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mboxler

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About mboxler

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  1. The manual for your Parasound A23+ seems to contradict itself. The balanced input section mentions the 6 dB increase, yet the specifications page implies a 0 dB increase. Total gain 29 dB Input sensitivity for 28.28 Vout Unbalanced 1 V Balanced 1 V per leg This implies that once the non-inverted and inverted legs are subtracted from each other, the resulting single-ended voltage is then cut in half. Confusing.
  2. Looks like they do, as long as the caps on the board stay at .015uf. http://www.xkitzconnect.com/files/Linkwitz-Riley-2Way-Calculator.htm
  3. Bumping this 13 year old thread. I'm testing an adjustable Type-A crossover. The attached schematic shows the basic circuit. The T2A will be replaced with a Bob Crites 3636. More importantly, the input wire to the autoformer will be terminated with a female quick connect, and can be connected to taps X, Y, or 5. The autoformer end of the wire to the 26uf cap will also be terminated with a female quick connect, and can be connected to taps 1, 2, 3, or 4. This will allow midrange attenuation of -1 to -12 in 1 db increments, without any change to the crossover frequency (419 hz using a 14.6 ohm resistor in place of the K-55). I built a prototype of the midrange portion of the crossover, and it appeared to work flawlessly. I also tested a 20 hz 6.75 volt signal across 0-5. The voltage across 0-4 measured 4.8 volts...pretty close to the 4.75 volts I expected. It's been said that this circuit will not work well due to the high voltage of lower frequencies. However, the current through the autoformer is identical to the stock Type-A circuit at all frequencies. Is autoformer saturation a product of high voltages, high current, both??? Thanks, Mike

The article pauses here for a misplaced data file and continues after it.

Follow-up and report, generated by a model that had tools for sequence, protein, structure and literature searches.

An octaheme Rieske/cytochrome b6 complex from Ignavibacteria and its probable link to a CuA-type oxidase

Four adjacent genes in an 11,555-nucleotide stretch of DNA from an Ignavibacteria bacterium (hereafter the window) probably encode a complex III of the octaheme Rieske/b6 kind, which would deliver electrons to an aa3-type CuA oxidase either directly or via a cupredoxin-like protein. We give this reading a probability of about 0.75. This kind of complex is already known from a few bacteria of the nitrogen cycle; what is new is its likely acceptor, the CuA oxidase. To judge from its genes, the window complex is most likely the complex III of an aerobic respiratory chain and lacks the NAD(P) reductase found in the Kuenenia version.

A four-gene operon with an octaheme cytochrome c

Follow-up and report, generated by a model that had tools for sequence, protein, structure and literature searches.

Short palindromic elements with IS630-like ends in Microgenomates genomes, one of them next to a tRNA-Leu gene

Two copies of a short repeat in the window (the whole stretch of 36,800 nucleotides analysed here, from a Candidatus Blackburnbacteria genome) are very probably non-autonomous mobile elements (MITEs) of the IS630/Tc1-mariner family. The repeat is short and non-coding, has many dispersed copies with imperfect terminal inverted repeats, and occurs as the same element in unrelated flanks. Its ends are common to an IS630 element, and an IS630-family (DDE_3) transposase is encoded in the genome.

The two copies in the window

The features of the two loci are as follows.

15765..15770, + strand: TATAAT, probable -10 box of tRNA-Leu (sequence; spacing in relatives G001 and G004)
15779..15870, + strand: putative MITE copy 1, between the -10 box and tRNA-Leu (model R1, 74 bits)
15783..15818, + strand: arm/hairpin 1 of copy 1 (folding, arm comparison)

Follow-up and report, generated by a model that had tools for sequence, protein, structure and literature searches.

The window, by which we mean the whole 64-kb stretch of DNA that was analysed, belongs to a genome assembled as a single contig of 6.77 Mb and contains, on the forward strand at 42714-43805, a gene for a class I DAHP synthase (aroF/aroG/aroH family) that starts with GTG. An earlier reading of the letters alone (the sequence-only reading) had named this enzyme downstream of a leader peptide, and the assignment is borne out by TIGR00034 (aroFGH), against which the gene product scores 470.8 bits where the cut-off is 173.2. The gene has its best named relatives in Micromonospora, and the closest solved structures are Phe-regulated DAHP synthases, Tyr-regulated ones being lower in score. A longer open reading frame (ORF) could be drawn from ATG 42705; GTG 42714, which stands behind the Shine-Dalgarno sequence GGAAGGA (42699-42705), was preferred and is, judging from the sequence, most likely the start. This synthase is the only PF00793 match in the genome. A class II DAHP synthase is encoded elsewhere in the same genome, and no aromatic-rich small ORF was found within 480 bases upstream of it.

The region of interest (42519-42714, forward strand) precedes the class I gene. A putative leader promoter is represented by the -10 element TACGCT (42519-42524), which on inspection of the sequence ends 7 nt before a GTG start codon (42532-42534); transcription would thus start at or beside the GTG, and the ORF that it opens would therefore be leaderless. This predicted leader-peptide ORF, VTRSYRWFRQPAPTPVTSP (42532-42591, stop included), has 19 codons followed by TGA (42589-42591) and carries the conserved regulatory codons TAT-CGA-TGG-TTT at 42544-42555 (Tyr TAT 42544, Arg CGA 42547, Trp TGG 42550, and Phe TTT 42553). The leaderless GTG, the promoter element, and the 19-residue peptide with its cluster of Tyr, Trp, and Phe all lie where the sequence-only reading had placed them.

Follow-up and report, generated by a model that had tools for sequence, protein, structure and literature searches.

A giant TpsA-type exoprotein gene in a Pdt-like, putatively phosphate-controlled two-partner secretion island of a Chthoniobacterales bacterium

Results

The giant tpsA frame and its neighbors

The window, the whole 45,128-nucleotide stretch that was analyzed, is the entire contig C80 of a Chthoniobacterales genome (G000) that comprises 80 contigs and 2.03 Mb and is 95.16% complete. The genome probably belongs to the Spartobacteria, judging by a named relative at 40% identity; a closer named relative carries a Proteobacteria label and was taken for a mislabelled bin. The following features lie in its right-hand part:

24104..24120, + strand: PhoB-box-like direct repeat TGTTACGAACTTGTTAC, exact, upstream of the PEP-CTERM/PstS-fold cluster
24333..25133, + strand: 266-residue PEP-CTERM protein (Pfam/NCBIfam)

4. A while back I decided to buy ALK's Universal kit. It was my first soldering experience, and even though it looked awful, it worked. Like you, though, I had trouble understanding how it all worked. Forward many years, and I think I finally understand most of it, although I still have a lot to learn. @Deang bumped a thread on inductors. I think that's great, and I think many would like to understand how a passive device that opposes changing current would also act as a low pass AC filter. Likewise, perhaps a thread on capacitors would be helpful. It wasn't until recently that I understood how a capacitor works. Again, I think many would like to understand how a passive device that opposes changing voltage would act as a high pass AC filter. I found the fact that a capacitor blocks DC and allows AC to pass confusing, to the point that I thought they were invented for both purposes. Once I realized that this is not the case (the capacitor was invented long before AC was "invented"), my understanding of crossovers became much clearer. It seems that capacitors are only discussed in crossover upgrades, and then it seems to turn into a discussion on which brand of capacitor is best. I'm sure many don't care about the how's and why's of a capacitor, but perhaps there are many others who do. It might be interesting to discuss plates and dielectrics instead of brand A vs brand B. Then again, maybe not. Apologies to the OP. This was not meant to hijack your thread. Mike
  5. This is pretty good. https://en.wikipedia.org/wiki/Bridged_and_paralleled_amplifiers It was hard for me to understand the concept that each of the bridged amps "sees" one half of the speaker's impedance, until I worked backwards from a mono amp. 1) A single-ended mono amp with a +-50 volt power supply delivers the same power to an 8 ohm load as two bridged amps with a +-25 volt power supply. 156 watts. 2) If the two bridged amps combine to deliver 156 watts, then each amp must deliver half the power, or 78 watts. 3) Each amp is applying 17.7 volts rms and 78 watts to it's side of the 8 ohm driver. 4) Ohms = Volts squared / Watts. 17.7 squared / 78. 313.3 / 78. 4 ohms. Not sure if that's the correct explanation, but it worked for me.